In the News

September 7, 2008

The results of the COURAGE trial

Is stenting a better treatment for patients with stable angina then medical therapy alone?

Coronary artery disease (blockages or narrowings in the arteries of the heart) is still the number one cause of death in this country. It is common for individuals who previously were entirely well to suddenly succumb to an unexpected heart attack or end up in our intensive care units quite ill. But many individuals have gradual narrowings of the arteries of the heart which do not produce a heart attack (or “myocardial infarction”) but result in oppressive chest discomfort with exertion, commonly called "angina". Sometimes this only occurs with unusual exertion such as changing a tire in a snowstorm, but often it results in angina with more common activities such as walking up the hill or carrying packages. Often such patients are taken to the cardiac catheterization laboratory where an angiogram reveals severe narrowings in one or more arteries which are then treated with bypass surgery or, more commonly these days, with dilatation of the narrow part of the artery and placement of one or more stents, small coiled mesh-like devices which prop the artery open and keep it from narrowing again. But as the technology of stents has improved, so has medical therapy and until recently it was not clear which was preferable. The COURAGE trial (Clinical Outcomes Utilizing Revascularization and Aggressive Drug Evaluation) was designed to answer this question. In this controlled clinical trial, patients with stable angina were randomized to receive either the best possible medical therapy in combination with stent placement (technically known as percutaneous coronary intervention (PCI)) or optimal medical therapy alone. To be eligible for the study each patient had to have undergone cardiac catheterization and to have been shown to have at least one coronary artery with a 70% or greater narrowing, and also to have had a positive stress test. The trial involved 2287 patients and the patients were followed for an average of 4.6 years.

What was optimal medical therapy? All patients were treated with drugs that decrease the tendency of blood to clot - either aspirin, or if the patient was intolerant to aspirin, a drug known as clopidogrel (Plavix). They were given drugs that diminish the likelihood of developing angina: metoprolol (a beta blocker), amlodipine (a calcium channel blocker) and isosorbide mononitrate (a long-acting form of nitroglycerin) in addition, all patients received aggressive therapy to reduce their cholesterol levels using statins and other drugs. Many patients also received additional medication to lower blood pressure and to reduce the work of the heart.

What did the study show? The primary endpoint of the study was death or heart attack. There was no difference between the two forms of therapy. Nineteen percent of people in the PCI group and 18.5% in the medical therapy group suffered either death or heart attack during the time of follow-up. There was also no difference between the two groups in strokes or hospitalizations for cardiac disease. These results did not change when patients who had had a previous heart attack, were diabetic, or had multivessel coronary disease were looked at separately. Both groups showed substantial improvement in their symptoms, but initially some what more patients in the PCI group were entirely free of angina. In a recent publication in August of this year a further follow-up of these groups showed that by the end of three years there was no longer any meaningful difference in symptoms between the two groups.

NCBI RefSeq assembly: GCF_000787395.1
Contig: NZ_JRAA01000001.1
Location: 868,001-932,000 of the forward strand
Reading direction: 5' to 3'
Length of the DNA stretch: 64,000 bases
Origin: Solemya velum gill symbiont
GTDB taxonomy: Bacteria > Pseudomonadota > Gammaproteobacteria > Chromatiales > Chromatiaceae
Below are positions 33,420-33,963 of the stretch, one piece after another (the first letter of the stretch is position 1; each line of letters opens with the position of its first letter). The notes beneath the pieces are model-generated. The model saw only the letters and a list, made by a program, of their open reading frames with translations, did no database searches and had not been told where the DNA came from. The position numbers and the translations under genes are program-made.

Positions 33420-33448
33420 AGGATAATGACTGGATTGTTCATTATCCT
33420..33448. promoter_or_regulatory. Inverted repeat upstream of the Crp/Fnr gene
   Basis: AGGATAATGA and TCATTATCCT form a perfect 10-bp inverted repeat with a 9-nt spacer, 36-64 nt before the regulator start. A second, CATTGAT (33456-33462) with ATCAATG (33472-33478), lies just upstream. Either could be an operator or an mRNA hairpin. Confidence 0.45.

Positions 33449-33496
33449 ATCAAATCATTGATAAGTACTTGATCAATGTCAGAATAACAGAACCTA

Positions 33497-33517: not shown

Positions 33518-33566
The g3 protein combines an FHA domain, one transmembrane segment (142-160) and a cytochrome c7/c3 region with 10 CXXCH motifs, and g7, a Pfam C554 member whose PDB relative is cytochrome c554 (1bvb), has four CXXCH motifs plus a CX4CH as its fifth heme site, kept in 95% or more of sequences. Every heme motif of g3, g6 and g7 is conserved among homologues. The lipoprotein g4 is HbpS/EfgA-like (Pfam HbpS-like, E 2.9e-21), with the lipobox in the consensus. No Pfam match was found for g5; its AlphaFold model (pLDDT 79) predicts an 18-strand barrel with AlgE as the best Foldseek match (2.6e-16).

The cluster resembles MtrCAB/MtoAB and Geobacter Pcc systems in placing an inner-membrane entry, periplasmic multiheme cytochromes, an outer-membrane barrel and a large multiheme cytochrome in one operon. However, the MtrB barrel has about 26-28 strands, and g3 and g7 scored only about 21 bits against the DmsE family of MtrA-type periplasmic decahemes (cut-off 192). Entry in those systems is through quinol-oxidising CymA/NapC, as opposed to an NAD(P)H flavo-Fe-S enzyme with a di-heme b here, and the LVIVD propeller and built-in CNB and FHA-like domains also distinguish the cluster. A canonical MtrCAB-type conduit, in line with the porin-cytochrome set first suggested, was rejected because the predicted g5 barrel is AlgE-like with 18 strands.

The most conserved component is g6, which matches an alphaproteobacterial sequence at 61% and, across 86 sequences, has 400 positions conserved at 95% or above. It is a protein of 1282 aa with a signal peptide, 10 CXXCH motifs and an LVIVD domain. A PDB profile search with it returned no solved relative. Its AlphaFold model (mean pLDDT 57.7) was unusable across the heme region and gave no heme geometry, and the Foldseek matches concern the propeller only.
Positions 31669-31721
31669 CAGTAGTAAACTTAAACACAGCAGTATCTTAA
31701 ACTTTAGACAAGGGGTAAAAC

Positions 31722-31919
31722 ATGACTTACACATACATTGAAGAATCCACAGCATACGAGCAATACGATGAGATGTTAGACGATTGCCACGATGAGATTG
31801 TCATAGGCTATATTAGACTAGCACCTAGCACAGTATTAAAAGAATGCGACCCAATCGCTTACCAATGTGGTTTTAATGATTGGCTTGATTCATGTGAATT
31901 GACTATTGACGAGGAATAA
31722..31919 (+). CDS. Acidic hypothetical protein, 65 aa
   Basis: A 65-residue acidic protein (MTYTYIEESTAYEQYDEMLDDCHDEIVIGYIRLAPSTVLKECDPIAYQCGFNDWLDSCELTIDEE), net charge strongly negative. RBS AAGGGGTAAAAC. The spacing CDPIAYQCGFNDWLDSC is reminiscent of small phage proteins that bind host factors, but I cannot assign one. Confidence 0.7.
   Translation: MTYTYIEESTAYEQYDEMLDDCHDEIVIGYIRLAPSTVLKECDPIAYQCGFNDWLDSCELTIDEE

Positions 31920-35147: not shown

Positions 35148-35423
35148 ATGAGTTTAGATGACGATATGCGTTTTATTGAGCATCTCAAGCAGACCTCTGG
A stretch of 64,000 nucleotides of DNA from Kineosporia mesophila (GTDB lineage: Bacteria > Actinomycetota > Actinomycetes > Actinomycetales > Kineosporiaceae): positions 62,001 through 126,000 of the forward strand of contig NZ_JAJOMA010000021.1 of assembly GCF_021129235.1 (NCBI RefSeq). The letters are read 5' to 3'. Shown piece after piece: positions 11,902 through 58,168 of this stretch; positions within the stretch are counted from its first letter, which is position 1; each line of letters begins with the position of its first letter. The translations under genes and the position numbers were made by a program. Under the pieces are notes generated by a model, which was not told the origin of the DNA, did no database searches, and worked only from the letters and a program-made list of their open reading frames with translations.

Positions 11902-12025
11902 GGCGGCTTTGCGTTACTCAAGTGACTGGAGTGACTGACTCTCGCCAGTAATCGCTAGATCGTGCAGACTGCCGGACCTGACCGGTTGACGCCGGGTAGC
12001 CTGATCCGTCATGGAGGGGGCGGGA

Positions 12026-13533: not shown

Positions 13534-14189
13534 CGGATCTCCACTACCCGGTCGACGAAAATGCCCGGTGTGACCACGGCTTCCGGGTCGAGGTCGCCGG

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Copyright © 2008 Massachusetts Medical Society. All rights reserved. Weintraub et al. N Engl J Med 2008;359:677-87  


What have we learned from this study? For patients with stable, unchanging angina good medical therapy saves as many lives and prevents as many heart attacks as to stent procedures. Placing stents improved symptoms modestly more than did medical therapy, but this difference disappeared by three years in follow-up. So there should be no pressure felt to go through stent procedures to prevent death or heart attack if angina can be controlled medically.

It is very important to understand the difference between stable and unstable angina. Unstable angina, or angina that is new in onset or becoming worse as time passes, as well as angina that occurs at rest or with minimal exertion is much more likely to lead to a serious event in the near future, with the likelihood of a clot suddenly forming in a coronary artery being relatively high. Unstable angina demands immediate attention and carries a high risk. But stable angina which is not changing and is predictable - you know when it is likely to occur and it is clearly related to exertion - is in a very different category and can be treated with aggressive medical therapy. It is equally important to understand that the results achieved in this study were with optimal medical therapy - which means a combination of medications designed to reduce the workload of the heart and treat risk factors such as hypertension and high cholesterol, and of course it also means that these medications need to be taken exactly as prescribed, not forgotten, and not discontinued.

More information about these studies can be obtained from the original articles which are linked below:

Boden et al. Optimal medical therapy with or without PCI for stable coronary disease. N Engl J Med 2007;356:1503-16.

Weintraub et al. Effect of PCI on quality of life in patients with stable coronary disease. N Engl J Med 2008;359:677-87.

 

 

 

 

 

 

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